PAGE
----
Chicago was also the home of the mail order catalog. You have Aaron Montgomery Ward and Richard Sears to thank for our current “buy off the internet”. Then as now, the practice forced smaller stores, many of them rural, out of business because they could not compete.

Near the History Museum, in the Old Town Triangle District, I was seeking Crilly Court, a residential area built in the late 1800’s and redeveloped after WWII. I was particularly interested in this area because many of the buildings were renovated by Edgar Miller.

Edgar Miller was a modern day Renaissance Man, working in sculpting, painting, batik, lithography, architecture, interior design and stained glass. He was an illustrator for Marshal Fields’ magazine and pioneered the use of modern art in advertising during the early 1920’s. He disliked repetition, considering it “the mark of an uncreative artist.” He used recycled materials to turn old homes into works of art, a practice he called “social adventure”, a practice that I found endearing and texturally interesting.

  • There are additional photos at Daveno Travels. To read more about this little known artist, I highly recommend “Edgar Miller and the Handmade Home” which is lavishly illustrated.

After dinner, I head back downtown for a drink / photo opportunity at the Palmer House. Rebuilt three times between 1871 and 1926, it boasts 24 floors, 2250 rooms, and a ceiling painted by an unnamed Italian artist.

C.D. Peacock Jeweler was the first business to incorporate in Chicago in 1834, and opened a shop here in 1927. It’s Peacock Doors were designed by Louis Tiffany and cast in bronze, and featured on the Palmer House Christmas card that year. I’m thinking of how to feature this on a hat.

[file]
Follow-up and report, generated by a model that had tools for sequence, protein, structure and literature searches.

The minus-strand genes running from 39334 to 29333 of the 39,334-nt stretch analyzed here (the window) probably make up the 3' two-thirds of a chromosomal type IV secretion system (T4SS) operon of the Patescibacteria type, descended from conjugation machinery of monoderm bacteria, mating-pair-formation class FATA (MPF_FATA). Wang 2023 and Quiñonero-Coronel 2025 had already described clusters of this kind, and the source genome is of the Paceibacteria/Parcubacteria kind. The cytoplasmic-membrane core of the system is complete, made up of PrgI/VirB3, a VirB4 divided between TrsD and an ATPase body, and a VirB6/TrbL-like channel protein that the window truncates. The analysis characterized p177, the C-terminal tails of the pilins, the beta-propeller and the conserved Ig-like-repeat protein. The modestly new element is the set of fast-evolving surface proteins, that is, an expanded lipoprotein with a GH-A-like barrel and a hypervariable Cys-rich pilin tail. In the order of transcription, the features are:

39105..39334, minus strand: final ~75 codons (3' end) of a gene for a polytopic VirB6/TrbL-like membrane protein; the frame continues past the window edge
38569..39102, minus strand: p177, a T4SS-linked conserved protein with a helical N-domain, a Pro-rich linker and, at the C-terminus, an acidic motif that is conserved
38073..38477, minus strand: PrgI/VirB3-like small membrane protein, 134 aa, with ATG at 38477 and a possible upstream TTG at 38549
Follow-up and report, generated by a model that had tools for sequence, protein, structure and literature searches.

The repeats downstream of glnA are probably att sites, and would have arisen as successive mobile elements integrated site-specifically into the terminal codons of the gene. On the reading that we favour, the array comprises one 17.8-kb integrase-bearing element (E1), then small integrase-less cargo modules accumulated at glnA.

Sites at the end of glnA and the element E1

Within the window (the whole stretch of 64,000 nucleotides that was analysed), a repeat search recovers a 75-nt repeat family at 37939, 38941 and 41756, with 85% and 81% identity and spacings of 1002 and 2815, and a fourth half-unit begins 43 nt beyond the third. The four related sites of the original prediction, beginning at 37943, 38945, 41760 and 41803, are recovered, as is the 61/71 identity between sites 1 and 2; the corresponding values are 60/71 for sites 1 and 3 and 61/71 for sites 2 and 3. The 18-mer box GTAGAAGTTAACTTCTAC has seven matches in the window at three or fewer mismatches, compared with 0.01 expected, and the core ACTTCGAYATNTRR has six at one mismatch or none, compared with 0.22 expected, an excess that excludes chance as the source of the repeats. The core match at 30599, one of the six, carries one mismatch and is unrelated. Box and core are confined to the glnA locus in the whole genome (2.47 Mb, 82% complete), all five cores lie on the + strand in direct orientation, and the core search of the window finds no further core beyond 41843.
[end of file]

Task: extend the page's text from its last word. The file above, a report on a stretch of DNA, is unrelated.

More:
And now, with visions of peacocks a’dance in my head, I’m back to the Pittsfield to retire to bed…

Postcards from Chicago

I’m publishing my full journal for this trip from 2018 at Daveno Travels, but I want to include some additional highlights here. I fear I’m becoming notorious for taking more notes and photos than a single blog can hold…

On my second full day in Chicago, I set out for the 1926 Building, also known as the Fine Arts Building, built in 1895 as a showroom for Studebaker carriages. It has housed artist studios since 1898, including Florence Ziegfield’s Chicago Musical College, the largest music college in this country at that time. It’s also the site of the American Medical Women’s Association, founded in 1915. The glass front elevator has a human operator, and like the Smith Tower in Seattle, gave me an unimpeded view of every floor as the elevator took me to the 10th floor, where I found placards marking the studios for L. Frank Baum (Wizard of Oz), Henry Blake (Cliff Dwellers) and Frank Lloyd Wright (architect).

The Monroe Building, designed by Holabird & Roche in 1912, has a beautiful Gothic – Italian Romanesque interior that’s covered with tile work made by Rookwood Pottery, one of the largest woman-owned businesses in the country at the time. It remains among the largest commercial installations of Rookwood tile in this country.